Wildest America

July 8, 2014 |
Detail of 07004-6-10 (2010) pigment print in "Wilderness" series © Debra Bloomfield

Detail of 07004-6-10 (2010) pigment print in “Wilderness” series
© Debra Bloomfield

Landscape photographers are an entirely different breed than most other photographers. This is primarily due to the dedication  required to get to many of the places they shoot, but it is also their ability to be patient – waiting for the right moment to click the shutter – and being alone for extended periods of time. Let’s call it a healthy obsession. Many of photography’s earliest images were of landscapes and early landscapes remain interesting for their nostalgic essence. Contemporary landscape photographers face a much harder audience for their images today, given that most people carry some sort of camera phone in their pocket and there are few unseen locales left on dry land. Photographer Debra Bloomfield, in her new show at the Etherton Gallery, demonstrates why she is among the genre’s most interesting and dynamic artists working today, with the work from her Wilderness series.

Bloomfield spent seven years on Wilderness, from 2007 to 2014 in Alaska, which is actually shorter than her usual time commitment on a single body of work. Bloomfield began her artistic career in 1972, and her earlier bodies of work have been well received due to their poetic and majestic qualities as they capture the world around us.

Bloomfield feels that her work is always “in tune with the other senses,” that is, her images speak to more than the eyes when seen. The work is designed to have “a visceral, emotional response” when viewed. This has never been made more possible than with the Wilderness project. All of the images have been collected in a book, which has an accompanying CD of audio that was recorded in the same place where the photographs were captured. It is designed to be played while viewing the work. The book and sound/image layout took two years to map out for the artist who may be the only person doing such interactive projects. Bloomfield also feels that the work is “not just about the destination, but about the journey,” and the experience of the place, which is hard to convey, even with her large, striking images. Bloomfield shoots on film, but produces digital prints, making her an artist with feet in both worlds of photography.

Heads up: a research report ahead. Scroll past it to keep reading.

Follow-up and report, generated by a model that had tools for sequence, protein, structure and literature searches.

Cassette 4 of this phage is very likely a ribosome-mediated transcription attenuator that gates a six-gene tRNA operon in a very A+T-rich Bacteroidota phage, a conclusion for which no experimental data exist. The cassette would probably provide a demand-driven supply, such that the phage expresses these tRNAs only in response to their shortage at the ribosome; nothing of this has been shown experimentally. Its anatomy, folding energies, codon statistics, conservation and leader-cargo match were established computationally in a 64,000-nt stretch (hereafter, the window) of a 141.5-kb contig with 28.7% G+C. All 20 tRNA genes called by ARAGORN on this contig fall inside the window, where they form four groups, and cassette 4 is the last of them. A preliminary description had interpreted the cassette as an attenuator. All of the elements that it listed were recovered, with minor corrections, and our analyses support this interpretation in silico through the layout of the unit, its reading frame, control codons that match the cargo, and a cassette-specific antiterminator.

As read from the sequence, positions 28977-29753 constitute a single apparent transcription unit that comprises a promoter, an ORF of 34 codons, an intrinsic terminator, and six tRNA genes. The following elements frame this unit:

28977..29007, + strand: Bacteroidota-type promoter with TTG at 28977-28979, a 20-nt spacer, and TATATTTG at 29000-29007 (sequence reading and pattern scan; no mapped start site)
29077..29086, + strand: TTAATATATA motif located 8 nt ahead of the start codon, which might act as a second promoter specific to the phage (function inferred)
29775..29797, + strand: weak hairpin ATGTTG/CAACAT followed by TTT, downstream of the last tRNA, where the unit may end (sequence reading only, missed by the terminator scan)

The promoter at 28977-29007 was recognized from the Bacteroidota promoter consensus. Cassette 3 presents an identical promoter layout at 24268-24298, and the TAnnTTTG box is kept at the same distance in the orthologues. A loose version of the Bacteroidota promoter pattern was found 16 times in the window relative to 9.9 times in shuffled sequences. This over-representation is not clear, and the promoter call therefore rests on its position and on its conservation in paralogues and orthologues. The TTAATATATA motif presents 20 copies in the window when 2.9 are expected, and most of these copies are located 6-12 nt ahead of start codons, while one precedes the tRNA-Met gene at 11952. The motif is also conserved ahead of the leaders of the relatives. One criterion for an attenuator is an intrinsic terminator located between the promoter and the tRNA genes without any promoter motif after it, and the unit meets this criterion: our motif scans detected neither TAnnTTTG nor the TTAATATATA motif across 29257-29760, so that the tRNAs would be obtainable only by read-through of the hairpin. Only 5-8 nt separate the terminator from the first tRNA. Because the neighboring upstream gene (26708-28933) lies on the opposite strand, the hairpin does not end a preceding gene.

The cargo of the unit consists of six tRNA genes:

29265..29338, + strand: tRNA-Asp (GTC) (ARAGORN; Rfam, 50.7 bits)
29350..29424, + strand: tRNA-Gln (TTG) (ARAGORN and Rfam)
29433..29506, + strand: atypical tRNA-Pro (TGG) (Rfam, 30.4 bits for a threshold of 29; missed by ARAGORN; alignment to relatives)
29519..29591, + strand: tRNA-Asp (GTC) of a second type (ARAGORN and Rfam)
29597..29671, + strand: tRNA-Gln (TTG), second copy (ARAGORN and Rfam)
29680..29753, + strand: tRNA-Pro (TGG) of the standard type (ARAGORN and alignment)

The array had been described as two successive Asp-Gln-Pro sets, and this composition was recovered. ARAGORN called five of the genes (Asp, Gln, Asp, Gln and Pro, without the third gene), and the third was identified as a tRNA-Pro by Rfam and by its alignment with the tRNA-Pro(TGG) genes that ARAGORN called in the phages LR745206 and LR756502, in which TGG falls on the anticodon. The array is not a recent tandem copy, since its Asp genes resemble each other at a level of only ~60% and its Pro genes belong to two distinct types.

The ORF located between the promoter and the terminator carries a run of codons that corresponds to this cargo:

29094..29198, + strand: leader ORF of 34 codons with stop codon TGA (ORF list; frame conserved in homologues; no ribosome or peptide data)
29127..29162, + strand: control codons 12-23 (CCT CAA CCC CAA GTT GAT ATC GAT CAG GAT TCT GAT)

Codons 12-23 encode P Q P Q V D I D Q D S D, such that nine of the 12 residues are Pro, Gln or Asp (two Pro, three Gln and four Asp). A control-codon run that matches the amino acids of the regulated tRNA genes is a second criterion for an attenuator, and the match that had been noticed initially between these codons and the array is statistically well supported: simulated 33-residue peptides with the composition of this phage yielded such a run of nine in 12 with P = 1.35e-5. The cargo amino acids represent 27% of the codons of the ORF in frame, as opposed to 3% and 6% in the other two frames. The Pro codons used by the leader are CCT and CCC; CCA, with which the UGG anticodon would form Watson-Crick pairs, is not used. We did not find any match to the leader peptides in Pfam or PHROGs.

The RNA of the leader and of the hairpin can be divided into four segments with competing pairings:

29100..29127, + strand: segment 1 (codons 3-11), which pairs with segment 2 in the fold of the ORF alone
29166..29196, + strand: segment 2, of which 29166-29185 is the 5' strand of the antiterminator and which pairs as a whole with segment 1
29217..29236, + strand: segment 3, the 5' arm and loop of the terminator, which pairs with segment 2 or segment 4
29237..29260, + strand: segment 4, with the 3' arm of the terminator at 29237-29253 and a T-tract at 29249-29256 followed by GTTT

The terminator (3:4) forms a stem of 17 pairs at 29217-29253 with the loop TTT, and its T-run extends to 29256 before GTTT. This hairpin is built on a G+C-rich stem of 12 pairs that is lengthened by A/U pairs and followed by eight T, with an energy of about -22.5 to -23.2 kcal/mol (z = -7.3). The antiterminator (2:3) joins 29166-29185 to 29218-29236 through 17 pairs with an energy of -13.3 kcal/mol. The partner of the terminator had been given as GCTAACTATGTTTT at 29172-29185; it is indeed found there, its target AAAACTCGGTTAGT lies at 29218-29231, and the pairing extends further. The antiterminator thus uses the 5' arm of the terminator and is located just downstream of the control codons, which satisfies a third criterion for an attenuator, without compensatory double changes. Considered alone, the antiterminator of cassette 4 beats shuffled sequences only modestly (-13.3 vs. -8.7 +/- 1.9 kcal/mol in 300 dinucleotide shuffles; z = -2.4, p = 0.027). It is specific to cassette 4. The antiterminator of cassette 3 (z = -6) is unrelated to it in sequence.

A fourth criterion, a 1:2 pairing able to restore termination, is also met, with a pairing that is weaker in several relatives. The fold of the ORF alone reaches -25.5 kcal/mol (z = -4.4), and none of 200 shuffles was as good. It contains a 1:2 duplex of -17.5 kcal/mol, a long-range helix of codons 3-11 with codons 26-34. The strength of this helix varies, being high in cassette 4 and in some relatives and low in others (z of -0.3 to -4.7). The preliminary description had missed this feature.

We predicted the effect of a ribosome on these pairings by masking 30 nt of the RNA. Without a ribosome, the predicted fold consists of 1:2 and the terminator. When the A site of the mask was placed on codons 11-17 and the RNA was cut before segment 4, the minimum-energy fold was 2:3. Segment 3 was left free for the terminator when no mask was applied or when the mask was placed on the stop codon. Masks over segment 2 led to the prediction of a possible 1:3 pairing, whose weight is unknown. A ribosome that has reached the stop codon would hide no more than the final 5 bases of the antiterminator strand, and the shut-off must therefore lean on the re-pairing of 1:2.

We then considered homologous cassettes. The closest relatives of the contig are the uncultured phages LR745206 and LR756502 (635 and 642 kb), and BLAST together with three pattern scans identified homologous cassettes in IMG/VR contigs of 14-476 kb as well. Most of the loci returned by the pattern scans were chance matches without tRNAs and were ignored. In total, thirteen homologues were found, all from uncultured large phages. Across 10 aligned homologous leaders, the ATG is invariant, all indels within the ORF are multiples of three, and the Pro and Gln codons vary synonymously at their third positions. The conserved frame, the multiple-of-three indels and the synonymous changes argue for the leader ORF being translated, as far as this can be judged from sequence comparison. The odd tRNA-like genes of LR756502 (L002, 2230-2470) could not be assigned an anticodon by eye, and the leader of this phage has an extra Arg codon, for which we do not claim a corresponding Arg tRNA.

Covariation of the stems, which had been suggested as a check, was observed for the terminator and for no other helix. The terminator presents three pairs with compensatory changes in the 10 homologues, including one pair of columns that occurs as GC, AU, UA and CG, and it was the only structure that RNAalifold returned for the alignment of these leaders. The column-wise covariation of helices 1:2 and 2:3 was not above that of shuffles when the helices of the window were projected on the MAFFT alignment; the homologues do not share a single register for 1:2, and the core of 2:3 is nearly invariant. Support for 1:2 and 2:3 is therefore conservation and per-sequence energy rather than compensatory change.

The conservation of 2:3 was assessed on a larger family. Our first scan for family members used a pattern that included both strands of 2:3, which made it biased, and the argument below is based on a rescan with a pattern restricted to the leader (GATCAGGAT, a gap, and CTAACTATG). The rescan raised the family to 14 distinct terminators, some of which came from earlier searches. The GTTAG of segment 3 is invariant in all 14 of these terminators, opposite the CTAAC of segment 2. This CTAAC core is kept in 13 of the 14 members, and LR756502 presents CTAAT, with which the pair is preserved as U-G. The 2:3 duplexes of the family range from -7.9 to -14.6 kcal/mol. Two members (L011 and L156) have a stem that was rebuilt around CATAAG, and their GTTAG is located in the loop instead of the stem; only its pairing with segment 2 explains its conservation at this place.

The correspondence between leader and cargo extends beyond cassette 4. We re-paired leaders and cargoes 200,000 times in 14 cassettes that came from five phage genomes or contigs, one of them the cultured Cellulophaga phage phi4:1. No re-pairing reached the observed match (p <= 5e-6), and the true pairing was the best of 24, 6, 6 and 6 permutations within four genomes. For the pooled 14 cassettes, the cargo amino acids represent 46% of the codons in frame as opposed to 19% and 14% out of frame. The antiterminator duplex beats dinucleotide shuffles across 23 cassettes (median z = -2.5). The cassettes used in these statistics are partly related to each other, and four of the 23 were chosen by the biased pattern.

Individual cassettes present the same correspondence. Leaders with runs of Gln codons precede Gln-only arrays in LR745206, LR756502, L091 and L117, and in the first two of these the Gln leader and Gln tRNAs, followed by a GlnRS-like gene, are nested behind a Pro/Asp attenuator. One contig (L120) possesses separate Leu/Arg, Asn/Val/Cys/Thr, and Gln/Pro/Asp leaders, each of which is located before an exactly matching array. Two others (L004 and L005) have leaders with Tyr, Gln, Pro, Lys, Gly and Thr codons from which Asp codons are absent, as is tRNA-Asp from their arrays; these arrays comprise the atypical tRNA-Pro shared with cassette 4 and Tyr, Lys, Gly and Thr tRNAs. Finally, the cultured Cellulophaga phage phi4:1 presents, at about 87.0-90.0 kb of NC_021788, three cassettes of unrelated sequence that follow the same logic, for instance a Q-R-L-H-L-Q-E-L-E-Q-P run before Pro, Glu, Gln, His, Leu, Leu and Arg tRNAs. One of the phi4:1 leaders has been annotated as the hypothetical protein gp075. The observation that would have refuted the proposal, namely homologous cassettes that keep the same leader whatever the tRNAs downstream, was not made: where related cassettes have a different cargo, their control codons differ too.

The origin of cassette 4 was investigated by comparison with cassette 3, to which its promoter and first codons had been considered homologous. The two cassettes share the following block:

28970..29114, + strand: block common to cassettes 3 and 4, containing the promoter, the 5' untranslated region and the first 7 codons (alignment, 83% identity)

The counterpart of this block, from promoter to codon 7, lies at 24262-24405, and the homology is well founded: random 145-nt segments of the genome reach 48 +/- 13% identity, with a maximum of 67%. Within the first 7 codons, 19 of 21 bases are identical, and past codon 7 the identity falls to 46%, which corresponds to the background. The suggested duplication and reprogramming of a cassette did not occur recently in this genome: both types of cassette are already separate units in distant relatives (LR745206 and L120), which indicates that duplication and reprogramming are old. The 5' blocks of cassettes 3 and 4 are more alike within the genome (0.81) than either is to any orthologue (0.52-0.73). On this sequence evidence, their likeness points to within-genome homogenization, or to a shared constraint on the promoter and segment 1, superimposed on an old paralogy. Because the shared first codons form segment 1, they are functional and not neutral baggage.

38996-8-09 (2009) pigment print in “Wilderness” series. © Debra Bloomfield

38996-8-09 (2009) pigment print in “Wilderness” series. © Debra Bloomfield

This body of work was previously on display at the Phoenix Museum of Art and will travel this fall to New Mexico. The opening event, last month at Etherton Gallery, was presented as a celebration of sorts of the modern environmental movement with representatives from local entities like the Sky Island Alliance and others, hoping that Bloomfield’s rapturous images will help to instill greater appreciation for our endangered wilderness.

Gallery owner/director Terry Etherton has paired Bloomfield with renowned photographer Ansel Adams for this show, seeing a duality in their images. However, while Adams’ work served to reintroduce wilderness to the general public, much like early photographers Timothy H. O’Sullivan and others of that era, Bloomfield is truly more after capturing and conveying an emotional response with her multi-media approach. While Etherton has been showing Bloomfield’s work for many years, this body of work has “really excited” the gallery owner and he can’t wait to share it with his gallery’s viewers.

The wilds of Alaska. With so much open sky and water, this show should be a great respite for anyone in Tucson this summer.

“Wild America: Photographs from America’s wild lands by Debra Bloomfield and Ansel Adams” is on display at Etherton Gallery, 135 S. 6th Ave., through August 20.  The gallery is closed July 1-7, but normal hours are Tuesday-Saturday, 10 a.m. to 5 p.m., and by appointment by calling (520) 624-7370. Visit EthertonGallery.com for more information.